Home baking has recently been given a big boost by the popularity of the award-winning BBC television program The Great British Bake-Off.
The show got off to a wobbly start in 2010 but within four years rose in the ratings like a successful soufflé. The final segment of season five, which appeared in October 2014, attracted more than 13 million viewers, making it one of the most-watched shows in the United Kingdom behind only the World Cup soccer match between England and Uruguay.
The program started appearing on American television screens in January, with a broadcast of the fifth season. Very curious, I watched and thought: “Hey, we needn’t feel left out. Just about anything they can bake can be made gluten free.”
A far cry from American reality food shows, The Great British Bake-Off is a televised competition that pits 12 amateur bakers against each other for top honors but no monetary prize. In their daily lives the contestants are construction engineers, housewives, furniture restorers, even a retired Merchant Navy radio operator.
Each week the entrant who gains the most points is acclaimed “Star Baker” and the unfortunate soul at the bottom of the heap gets banished. The judges are cookery writer Mary Berry and the somewhat testy professional baker Paul Hollywood.
In the first segment that I watched, the dozen nervous contestants were given three challenges:
- Present a classic Swiss Roll, aka a jelly roll, made the judges’ special way. The trick here was getting the sponge cake to be supple enough to roll up without cracking.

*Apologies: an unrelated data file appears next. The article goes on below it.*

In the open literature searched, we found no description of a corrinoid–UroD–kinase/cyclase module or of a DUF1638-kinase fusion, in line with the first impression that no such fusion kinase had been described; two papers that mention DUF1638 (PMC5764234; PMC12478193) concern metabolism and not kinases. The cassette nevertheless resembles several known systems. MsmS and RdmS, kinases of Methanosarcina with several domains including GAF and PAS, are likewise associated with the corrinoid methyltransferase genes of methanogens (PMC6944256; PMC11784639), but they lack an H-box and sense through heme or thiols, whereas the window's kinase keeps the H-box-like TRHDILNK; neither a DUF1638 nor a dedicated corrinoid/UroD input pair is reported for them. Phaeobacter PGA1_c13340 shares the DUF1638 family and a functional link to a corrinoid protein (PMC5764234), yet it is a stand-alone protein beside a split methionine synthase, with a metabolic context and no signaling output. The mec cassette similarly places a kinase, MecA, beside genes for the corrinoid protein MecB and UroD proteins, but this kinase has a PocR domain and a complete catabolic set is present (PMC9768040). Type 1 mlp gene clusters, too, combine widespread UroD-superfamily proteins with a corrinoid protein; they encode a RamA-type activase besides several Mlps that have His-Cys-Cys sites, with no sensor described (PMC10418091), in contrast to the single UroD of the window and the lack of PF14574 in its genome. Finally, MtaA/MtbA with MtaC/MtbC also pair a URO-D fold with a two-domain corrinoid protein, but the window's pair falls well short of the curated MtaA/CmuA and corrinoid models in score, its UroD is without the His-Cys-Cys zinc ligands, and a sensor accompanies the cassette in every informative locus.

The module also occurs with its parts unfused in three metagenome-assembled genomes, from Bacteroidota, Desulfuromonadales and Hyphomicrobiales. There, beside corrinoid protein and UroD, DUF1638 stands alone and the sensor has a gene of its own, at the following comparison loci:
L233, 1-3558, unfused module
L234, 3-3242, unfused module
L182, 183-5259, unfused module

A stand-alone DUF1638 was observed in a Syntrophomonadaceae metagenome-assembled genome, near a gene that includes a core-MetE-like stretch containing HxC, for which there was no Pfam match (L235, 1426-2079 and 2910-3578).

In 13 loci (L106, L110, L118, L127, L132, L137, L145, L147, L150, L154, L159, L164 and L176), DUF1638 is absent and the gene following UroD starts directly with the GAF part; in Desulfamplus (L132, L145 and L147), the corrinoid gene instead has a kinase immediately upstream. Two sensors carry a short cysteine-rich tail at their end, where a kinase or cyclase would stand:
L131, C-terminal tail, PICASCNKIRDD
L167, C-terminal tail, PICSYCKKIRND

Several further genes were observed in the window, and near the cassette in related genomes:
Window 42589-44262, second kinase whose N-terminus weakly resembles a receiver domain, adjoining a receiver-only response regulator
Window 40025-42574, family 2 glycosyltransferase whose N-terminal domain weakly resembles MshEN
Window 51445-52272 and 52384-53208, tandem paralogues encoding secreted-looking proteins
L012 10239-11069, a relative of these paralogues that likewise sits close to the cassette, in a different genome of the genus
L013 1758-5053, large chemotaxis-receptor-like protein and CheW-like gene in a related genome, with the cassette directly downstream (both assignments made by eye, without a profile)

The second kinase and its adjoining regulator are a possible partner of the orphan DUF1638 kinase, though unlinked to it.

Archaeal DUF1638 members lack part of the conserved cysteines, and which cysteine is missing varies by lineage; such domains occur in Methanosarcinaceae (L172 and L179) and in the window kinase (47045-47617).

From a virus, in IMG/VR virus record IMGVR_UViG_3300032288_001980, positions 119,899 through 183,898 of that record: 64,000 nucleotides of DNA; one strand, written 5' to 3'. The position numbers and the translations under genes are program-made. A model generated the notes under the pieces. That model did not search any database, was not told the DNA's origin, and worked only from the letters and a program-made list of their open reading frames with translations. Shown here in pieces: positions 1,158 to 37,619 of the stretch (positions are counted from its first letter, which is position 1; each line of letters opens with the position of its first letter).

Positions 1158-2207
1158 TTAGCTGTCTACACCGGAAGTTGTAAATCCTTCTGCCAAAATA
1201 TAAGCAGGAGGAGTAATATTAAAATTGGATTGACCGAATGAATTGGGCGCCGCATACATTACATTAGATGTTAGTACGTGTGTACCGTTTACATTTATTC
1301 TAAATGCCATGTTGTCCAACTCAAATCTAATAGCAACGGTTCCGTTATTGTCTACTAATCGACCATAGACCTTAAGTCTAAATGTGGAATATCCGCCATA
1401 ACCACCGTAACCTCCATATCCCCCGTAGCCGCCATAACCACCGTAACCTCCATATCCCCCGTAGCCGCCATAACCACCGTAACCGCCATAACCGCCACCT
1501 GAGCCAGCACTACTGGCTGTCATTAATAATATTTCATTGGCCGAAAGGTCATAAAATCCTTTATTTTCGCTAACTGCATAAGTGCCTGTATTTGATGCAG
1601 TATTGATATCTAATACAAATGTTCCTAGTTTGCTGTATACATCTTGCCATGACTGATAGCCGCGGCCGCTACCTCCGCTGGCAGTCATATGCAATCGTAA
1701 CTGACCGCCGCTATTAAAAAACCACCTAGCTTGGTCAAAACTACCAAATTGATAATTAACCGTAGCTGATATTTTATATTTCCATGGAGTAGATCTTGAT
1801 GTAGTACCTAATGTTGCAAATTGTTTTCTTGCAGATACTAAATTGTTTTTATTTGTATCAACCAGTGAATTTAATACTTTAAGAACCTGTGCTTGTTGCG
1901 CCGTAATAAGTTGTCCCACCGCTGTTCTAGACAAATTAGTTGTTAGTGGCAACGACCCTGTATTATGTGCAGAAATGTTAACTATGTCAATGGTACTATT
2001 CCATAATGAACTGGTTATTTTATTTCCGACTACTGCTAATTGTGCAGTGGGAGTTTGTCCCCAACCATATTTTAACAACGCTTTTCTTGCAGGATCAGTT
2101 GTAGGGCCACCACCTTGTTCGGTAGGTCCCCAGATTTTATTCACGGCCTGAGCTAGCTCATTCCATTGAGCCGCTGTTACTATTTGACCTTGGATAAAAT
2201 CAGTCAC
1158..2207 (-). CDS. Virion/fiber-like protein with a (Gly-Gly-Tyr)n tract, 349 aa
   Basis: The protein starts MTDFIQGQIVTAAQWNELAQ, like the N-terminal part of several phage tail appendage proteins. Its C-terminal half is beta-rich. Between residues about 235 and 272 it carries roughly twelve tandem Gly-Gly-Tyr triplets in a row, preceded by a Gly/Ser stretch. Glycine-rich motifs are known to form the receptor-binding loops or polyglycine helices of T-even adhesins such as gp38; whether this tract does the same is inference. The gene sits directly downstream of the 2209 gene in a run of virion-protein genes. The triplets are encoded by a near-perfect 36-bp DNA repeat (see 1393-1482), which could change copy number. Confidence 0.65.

- Meet a technical challenge by using the judges’ bare-bones recipe for a traditional cherry cake. The keys to success were knowing how to prevent all the cherries from sinking to the bottom and filling in missing instructions.
- Produce 50 miniature versions of a classic British dessert that looked appetizing, tasted good and were absolutely identical to the larger original. Only one entrant cleared this hurdle successfully.
The producers of the show must be onto something. Licensed spin-offs are now being created and aired in Australia, Belgium, Denmark, Finland, France, Germany, Ireland, Italy, Netherlands, Norway, Poland, Sweden, Turkey and Ukraine.
But so far nobody has thought of presenting the show in a gluten-free format. Just for the record, you read it here first.
To meet the self-imposed challenge, I set to work and baked gluten-free versions of a Cherry Ring Cake, a Hazelnut & Honey Swiss Roll and a batch of miniature Bakewell Tarts.
They are all perfect for a British-style afternoon tea, but of course you can serve these elegant desserts anytime you like. And a butler is strictly optional.
Gluten-Free Great British Bake-Off Recipes